Tampa Bay 56ers George Pagnotta points out some of the detail of the display at Pinecrest Place.
Photo by JULIANA A. TORRES
The 38-building display at Pinecrest Place in Largo is designed to represent the oldtime streets in New York City.
LARGO – The Christmas season is a special time for the Tampa Bay 56ers.
The group of about 60 members, who share the common interest of collecting and displaying Department 56 villages, buildings and accessories, meet throughout the year. But their activities culminate in December.
“Most people that are in this club are very excited when Christmastime comes, because they’re all Christmas-type people,” Denis Gillen said. “They see someone else having a good time and it makes them feel good too.”
For the last four years, seven of the Pinellas County-based members take on the task of setting up a display off the main lobby of Pinecrest Place, an independent living, assisted living and memory care facility in Largo.
“This is our charity work for the community … to come to communities like this and give back something to the people who can’t get out,” Gillen said. “We get nothing but positive feedback from all the people who come in here.”
The village is part of the festive atmosphere of Pinecrest’s main lobby, which also is filled with Christmas trees. It speaks to the tradition of many of the residents.
“It seems like the age of most of these people, they grew up with villages under their trees and trains,” said Marcia Pagnotta. “When we start to put it up, they’re very excited to have their childhood brought back to the surface again.”
The Tampa Bay 56ers was first charted on Sept. 11, 1993. When the club began coming up with ways to give back several years ago, they played Santa Claus for a family of children whose parents were in jail and who were being cared for by their grandmother. Another year, they collected donations for Toys for Tots, giving $1,500 of bicycles one year and $1,000 the next.
That was before the club recognized that giving back could involve what they already did best: setting up villages throughout Tampa Bay.
“We decided we could put our efforts into this and reach more people and make more people happy. So that’s what our object has been,” explained Conrad Karause.
Aside from the village at Pinecrest, the group sets up a village in Hillsborough, one in Sarasota and another in Pasco. They have a children-friendly North Pole village at the Ronald McDonald House in St. Petersburg, and one at the Safety Harbor library.
“For each village, there’s a different group that does it,” explained Joyce Gillen.
“They put their own spin on it,” her husband, Denis, added.
In former years, the group of retirees have set up the villages at Pinecrest using pieces from the Dickens Village series and the Original Snow Village. This is the first year they’ve used the Christmas in the City series. It’s a more complicated setup, they explained.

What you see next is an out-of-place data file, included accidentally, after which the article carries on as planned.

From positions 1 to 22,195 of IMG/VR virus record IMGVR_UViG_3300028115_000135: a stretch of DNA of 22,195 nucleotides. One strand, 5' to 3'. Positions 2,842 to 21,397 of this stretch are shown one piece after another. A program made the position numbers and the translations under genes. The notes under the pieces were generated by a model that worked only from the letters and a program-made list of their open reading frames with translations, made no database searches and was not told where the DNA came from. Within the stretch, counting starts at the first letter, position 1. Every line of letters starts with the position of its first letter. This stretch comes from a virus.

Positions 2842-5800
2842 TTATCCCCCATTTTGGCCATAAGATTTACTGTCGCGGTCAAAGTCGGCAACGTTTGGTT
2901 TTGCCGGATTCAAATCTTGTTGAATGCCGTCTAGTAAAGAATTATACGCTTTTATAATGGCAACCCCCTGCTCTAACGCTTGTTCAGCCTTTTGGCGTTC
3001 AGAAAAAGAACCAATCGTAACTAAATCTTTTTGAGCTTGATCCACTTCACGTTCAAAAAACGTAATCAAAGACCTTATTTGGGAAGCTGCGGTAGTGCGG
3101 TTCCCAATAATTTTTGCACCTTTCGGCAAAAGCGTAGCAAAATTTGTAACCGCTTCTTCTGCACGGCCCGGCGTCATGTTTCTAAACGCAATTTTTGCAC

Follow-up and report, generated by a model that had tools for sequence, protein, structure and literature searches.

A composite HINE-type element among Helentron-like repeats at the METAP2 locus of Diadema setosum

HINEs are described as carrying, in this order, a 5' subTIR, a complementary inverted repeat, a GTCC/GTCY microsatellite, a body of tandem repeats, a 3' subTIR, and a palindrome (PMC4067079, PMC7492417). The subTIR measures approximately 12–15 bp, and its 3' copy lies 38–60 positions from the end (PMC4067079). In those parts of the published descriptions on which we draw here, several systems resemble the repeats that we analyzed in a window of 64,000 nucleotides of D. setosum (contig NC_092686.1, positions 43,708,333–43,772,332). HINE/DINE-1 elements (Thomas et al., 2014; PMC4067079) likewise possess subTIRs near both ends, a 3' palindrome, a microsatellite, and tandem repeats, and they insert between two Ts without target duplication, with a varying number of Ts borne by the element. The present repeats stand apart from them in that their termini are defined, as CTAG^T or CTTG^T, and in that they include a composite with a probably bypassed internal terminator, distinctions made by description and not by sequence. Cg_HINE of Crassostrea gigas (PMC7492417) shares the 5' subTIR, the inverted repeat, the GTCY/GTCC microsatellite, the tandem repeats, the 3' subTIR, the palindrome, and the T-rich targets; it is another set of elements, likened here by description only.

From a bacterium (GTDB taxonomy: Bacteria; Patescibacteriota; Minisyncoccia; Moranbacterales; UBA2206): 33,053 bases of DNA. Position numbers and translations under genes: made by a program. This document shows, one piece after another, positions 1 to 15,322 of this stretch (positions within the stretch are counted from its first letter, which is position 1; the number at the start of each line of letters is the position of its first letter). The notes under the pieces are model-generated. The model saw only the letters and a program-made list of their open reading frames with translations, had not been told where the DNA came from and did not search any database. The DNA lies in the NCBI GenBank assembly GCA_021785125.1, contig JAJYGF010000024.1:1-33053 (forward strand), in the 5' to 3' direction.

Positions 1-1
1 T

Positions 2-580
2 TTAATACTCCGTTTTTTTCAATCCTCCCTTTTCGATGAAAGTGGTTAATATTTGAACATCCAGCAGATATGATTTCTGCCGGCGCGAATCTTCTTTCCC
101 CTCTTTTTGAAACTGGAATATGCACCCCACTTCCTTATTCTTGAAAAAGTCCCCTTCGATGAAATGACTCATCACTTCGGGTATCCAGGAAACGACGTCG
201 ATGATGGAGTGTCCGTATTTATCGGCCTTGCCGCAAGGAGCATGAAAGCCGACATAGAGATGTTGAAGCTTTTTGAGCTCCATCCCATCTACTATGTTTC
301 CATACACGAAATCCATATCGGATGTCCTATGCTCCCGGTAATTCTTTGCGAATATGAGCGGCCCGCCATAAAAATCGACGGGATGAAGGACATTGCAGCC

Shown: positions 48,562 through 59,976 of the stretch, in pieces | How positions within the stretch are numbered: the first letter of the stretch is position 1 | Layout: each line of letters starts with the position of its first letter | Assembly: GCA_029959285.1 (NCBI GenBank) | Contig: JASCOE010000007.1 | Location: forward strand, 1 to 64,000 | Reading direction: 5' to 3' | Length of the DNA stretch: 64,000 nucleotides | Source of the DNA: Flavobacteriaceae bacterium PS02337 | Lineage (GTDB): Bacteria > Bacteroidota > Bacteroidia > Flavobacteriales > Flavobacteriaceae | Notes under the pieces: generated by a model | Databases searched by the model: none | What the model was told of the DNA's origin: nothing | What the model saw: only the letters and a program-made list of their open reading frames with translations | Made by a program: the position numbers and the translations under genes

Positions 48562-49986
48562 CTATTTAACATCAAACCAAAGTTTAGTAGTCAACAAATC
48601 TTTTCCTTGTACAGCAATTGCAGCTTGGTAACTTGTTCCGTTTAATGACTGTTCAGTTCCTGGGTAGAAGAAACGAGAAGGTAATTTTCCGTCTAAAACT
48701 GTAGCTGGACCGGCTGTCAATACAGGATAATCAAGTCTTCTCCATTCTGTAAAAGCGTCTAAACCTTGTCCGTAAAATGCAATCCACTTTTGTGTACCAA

“When you do Christmas in the City, you got to do sidewalks, you got to do street lamps,” Denis Gillen explained. “We had to think this one out.”
It took about four days to finish the project this year. Many residents of Pinecrest take special interest in the display and come to watch the progress each day.
Toward the end of the project, Joyce Gillen set up her sewing machine on the floor to finish the skirt around the table. One of the residents came in and sat down on the floor to help her.
“She was really nice,” Joyce Gillen said. “They enjoy it.”
The display features some iconic and expensive pieces: The Times Tower, complete with the Times Square Ball, the Empire State Building and, newly released this year: the Chrysler Building, priced at $250.
“We’ve got some money invested in these things,” Karause said.
The 56ers’ biggest expense isn’t the pieces themselves, however, but the cost of storing the ones they own as a club. The club rents storage to house the shelves of buildings and accessories as well as the miniature trees, tables and plexiglass at the cost of $1,700 to $1,800 annually.
“It’s starting to create a drain on finances,” Denis Gillen said. “It’s a concern with us of how we’re going to pay for storage.”
The club used to raise money by helping out at Raymond James Stadium, but no longer has that opportunity. They’ve been paying storage fees from those dwindling funds.
The club has had requests for more villages, but can only do so many, Denis Gillen said.
“We’re trying to do as much as we can, but it also depends on how many members we have and how many resources we have,” he explained.
The club often accepts donations of buildings and accessories from the community, sometimes when people move or downsize or pass away and their surviving relatives don’t know what to do with the buildings.
“If you donate to us, we will be sharing it with other people,” Denis Gillen said. “They just aren’t going to be forgotten. They’re gonna still continue to bring happiness to somebody.”
To view the Christmas in the City display, visit Pinecrest Place at 1150 Eighth Ave. SW., in Largo. Call 581-8142.